palpable. And then all of a sudden, I needed to go to the bathroom. Badly. So I figured one
stop, let it out, and I would be good to go. All runners know this is a possibility when we run.
(During our training runs we all know the best bathroom stops along our run routes!) After the pit
stop I started running again, but this was not to be the end of my upset bowels. I stopped again.
And again. And again. And I was bleeding. This was not good at all. I have never had intestinal
issues on the run, and I have never seen blood (from there) before so I was a little shocked. I
stopped yet again. These pit stops meant that instead of catching Tiina I was losing time to her.
With 15 km to go Tiina was 12 minutes ahead of me and Sione Jongstra from the Netherlands
was now within 30 seconds of me! So, I made a decision: I would not stop anymore regardless
of how my tummy felt. I was passed in the last five kilometers of the race last year and lost both
a place on the podium and a slot for the Hawaii Ironman World Championship race then, and this
was not going to happen again.
The last time I saw my family I was about to lose second place. I knew they would be expecting
me to come to the finish line in third position and they still would have been proud of me. I would
have qualified for Hawaii, improved upon last years’ position and made it onto the podium.
However, I used this as motivation. I was determined to hang on to second place and continue to
push hard right to the finish line. The man with the TV camera for the race was poised next to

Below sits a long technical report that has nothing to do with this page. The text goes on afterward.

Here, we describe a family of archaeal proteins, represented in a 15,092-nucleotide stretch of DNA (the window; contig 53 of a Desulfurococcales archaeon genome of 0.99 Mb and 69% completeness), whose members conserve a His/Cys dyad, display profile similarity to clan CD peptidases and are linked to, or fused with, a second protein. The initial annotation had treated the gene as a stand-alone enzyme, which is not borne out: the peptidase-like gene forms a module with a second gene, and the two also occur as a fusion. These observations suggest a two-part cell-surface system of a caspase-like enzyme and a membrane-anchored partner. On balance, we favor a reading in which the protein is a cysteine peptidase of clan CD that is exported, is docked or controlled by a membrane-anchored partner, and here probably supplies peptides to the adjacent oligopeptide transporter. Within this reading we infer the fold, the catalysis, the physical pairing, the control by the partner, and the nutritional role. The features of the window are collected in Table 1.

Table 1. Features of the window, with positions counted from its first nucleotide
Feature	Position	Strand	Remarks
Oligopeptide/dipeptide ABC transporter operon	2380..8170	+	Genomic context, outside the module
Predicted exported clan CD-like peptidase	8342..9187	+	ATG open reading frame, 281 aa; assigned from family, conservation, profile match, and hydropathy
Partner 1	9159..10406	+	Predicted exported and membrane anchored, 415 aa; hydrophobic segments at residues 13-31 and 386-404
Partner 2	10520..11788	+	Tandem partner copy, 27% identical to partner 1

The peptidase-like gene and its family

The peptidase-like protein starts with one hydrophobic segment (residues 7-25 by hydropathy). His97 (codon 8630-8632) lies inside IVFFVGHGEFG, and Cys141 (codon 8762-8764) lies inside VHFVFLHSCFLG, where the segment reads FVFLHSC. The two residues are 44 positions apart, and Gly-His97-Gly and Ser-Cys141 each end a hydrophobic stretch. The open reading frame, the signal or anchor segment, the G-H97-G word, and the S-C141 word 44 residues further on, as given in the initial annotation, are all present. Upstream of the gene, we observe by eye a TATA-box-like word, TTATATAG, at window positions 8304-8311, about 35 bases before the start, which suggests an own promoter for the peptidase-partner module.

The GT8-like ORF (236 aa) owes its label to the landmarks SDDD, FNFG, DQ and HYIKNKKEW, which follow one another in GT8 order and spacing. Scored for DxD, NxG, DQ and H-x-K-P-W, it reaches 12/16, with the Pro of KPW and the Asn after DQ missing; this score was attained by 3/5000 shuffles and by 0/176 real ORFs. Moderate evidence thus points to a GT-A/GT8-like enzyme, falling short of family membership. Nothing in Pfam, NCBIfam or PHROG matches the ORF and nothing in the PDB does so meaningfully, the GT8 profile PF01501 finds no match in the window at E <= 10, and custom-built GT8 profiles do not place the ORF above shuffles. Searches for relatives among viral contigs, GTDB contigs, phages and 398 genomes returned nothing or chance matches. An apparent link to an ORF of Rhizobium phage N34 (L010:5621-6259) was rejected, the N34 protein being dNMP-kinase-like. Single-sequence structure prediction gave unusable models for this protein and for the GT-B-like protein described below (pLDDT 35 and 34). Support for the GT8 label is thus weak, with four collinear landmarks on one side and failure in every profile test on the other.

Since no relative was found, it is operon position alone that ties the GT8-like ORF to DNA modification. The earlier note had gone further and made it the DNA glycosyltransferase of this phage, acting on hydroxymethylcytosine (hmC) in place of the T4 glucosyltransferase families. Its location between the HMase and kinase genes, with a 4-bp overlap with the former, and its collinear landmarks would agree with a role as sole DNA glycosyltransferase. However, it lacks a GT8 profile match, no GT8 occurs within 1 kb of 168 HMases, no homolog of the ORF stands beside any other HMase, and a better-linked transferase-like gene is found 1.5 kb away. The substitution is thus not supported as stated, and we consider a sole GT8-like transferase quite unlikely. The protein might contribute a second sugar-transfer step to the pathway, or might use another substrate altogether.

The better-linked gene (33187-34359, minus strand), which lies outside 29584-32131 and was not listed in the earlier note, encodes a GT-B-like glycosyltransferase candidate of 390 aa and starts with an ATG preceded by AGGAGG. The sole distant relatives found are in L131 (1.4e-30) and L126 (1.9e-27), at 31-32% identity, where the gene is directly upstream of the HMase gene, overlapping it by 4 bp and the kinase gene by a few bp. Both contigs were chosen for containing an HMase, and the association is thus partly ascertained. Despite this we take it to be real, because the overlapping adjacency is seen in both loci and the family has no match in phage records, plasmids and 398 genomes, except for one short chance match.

me, just waiting to film “the pass”. Also, my bike escort (a race official who has a sign reading
“2nd Place Female” attached to the front of his bike basically to help spectators keep track of
athletes) was continually looking back to see when he would have to start escorting another
woman in second place instead of me. I used these two things as motivators as well. I was
determined not to allow the pass to be documented (like last year) and I was determined to keep
my 2nd place bike escort, who had been with me for the last 30 kilometers, right to the bitter end!
And that is what I did. I didn’t stop anymore. I just continued to run. I experienced my first out of
body experience in racing where I felt completely removed from the pain. It truly felt like I was not
in my body and my mind just allowed me to run. By the finish I had opened up a two minute gap
on Sione. I crossed the finish line in second place in a time of 10:12 and in the process knew I
had dug deeper than ever before. I had given it my all and I knew I made my family proud. I also
made myself proud.
I couldn’t do a post race interview I needed to go right to the medical tent. My shoulder was
sore, I needed to change my clothes, and my mind was whirlwind of emotions. I admit that I was
initially disappointed at having lost the ability to fight for the win. My shoulder and intestinal
problems were problems I wish I did not need to overcome on race day. But, this is how races
go, and overcoming these issues and still holding on to second place has brought me to a new
level of awareness and confidence as an athlete. This was the first time a killer instinct came out
of me on the run, and reflecting back on the race I know this was key for my evolution and
progression as a triathlete. Now I get to take this with me to future races.